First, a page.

Tuesday, February 28, 2012
Saturday, February 25, 2012
Wednesday, February 22, 2012
Like I’ve posted before I am very active so I do not feel a need to increase my activity level. I am still working on my weight. I’m losing it very slowly this time (post pregnancy), which is ok.
If anyone reading this has any suggestions, please share and post a comment. At this point, I feel like the best plan is to provide myself and my family with a healthy lifestyle. That in itself has many benefits besides the reduction of our risks to cancer.
Sunday, February 19, 2012
Wednesday, February 15, 2012
So, I get loaded into the machine, which means I laid on my stomach face down and I had to have my hands over my head and an IV hooked up. It wasn't actually uncomfortable except my arm kept falling asleep. Well, all was going well until the tickle in my throat came on. You know that little dry tickle that makes you continuously cough and cough. Well, it happened today. I knew I wasn't supposed to move and though I could conveniently see the timer ticking backwards until it was over (I had series of pictures done and each one had a certain amount of time displayed on the timer) I could not, I meant could NOT hold in my coughs. It was sooo annoying. I had to repeat two images (which added even more time in that stupid machine!). One of them, which was super important because it could not be repeated as I was injected contrast dye into an IV, was 6 minutes long. That was the longest six minutes of my life! You know when you are trying not to cough and thinking about not coughing the only thing you really want to do is...cough! Anyway, I had the nicest MRI tech helping me who was super sweet and got me a cough drop and let me cough in between sets of images.
She told me on the way out I would most likely need a mammogram also, NOT because she saw something on the MRI (I hope!) but because it is standard for the radiologist there to request both to compare the results. Ugh. So, here we go again. I've left a message with my Dr. to ask about that and to find out the timeline for which I'll know. The tech said a couple days which I can handle.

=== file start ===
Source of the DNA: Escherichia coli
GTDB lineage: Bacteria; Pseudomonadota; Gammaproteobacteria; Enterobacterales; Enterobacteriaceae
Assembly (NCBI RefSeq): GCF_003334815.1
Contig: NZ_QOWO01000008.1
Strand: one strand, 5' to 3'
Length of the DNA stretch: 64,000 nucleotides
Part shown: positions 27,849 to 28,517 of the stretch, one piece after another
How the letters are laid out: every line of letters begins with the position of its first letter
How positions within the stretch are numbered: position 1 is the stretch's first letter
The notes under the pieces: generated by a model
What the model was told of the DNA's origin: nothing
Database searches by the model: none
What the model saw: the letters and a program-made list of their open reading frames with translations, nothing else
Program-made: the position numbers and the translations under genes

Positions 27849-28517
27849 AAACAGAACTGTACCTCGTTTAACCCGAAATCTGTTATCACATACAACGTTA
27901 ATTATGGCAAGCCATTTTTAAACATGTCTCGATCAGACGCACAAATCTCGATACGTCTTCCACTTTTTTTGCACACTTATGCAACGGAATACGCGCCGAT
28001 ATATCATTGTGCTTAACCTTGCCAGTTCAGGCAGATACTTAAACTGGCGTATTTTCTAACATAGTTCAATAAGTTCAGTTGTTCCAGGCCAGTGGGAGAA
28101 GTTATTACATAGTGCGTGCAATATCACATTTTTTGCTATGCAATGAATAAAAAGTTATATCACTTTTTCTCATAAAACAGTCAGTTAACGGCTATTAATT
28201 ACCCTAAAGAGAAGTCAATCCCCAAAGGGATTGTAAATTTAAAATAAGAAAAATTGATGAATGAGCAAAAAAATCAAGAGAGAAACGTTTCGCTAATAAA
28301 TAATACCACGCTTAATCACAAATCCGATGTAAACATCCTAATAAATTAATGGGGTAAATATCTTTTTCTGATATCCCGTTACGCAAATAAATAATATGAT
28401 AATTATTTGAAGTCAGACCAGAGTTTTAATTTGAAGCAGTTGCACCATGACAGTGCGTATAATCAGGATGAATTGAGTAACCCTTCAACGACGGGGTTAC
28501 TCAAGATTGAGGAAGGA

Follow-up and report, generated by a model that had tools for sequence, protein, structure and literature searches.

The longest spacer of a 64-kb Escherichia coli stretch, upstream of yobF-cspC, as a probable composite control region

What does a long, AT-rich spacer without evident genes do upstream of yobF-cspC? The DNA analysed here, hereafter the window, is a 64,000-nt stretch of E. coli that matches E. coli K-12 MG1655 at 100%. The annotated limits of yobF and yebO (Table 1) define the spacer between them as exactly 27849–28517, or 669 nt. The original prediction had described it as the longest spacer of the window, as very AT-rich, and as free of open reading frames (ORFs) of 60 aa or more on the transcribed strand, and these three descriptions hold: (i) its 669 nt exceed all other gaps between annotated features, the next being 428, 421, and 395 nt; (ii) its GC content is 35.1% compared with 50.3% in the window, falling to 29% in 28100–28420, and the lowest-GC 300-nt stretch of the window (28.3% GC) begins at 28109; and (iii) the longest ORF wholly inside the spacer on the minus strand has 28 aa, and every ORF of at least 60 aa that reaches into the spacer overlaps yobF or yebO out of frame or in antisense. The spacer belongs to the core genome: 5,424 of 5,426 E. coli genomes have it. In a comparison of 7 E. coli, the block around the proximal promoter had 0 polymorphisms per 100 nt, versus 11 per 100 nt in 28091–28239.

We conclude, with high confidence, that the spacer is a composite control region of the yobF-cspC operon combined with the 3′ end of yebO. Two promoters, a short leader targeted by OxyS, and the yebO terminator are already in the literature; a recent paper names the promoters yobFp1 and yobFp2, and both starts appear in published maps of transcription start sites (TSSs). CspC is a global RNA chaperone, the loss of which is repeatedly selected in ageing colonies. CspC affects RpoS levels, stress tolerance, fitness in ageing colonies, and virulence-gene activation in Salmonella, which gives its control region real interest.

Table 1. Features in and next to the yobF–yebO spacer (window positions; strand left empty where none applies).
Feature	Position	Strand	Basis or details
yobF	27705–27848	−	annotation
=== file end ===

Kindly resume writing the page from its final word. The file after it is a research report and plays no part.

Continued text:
I've said it before, but I'll say it again. The most logical results would be I am clear. I am healthy, active, and young. It isn't worth it to assume I'll have cancer when all other signs point to the fact that I don't. Until we know otherwise, lets just go with that.
Wednesday, February 8, 2012
I know I have to make changes and I am slowly gearing up for that. I am not going to go cold turkey, because I think that would be hard. I don't mean to sound like I eat a horrible diet, because I certainly do not. My issue is I eat a healthy diet but I still love to eat some not so healthy things. They are my temptations that I mostly avoid, but are still there. My least favorite thing to give up will be....dun dun dun.....soda. You all know how much I love me some Dr. Pepper. Recently, due to weight loss efforts, I swithed to diet soda (which I don't like as much but it'll do) and now I know that I need to stop that as well. Who knows what the risks of aspartame are and how they affect people like me. I guess it is a small price to pay for some peace of mind.
My major focus right now is just to lose weight, for a lot of reasons. Once I get back to my healthy pre-pregnancy weight, I think I'll be ready to ditch the diet soda and regular soda for good. Though, I am sure I'll indulge from time to time. Moderation is key in any lifestyle choices we make. The one area that I don't have to change or worry about is my activity level. I do enjoy to exercise and keep in shape and that in itself reduces my risk for cancer. At least I can mark one thing off the list. Next up, a healthy weight and an even healthier diet. I can do it.
Saturday, February 4, 2012
So here are the stats:
87% chance of breast cancer
44% chance of ovarian cancer
7% chance of pancreatic cancer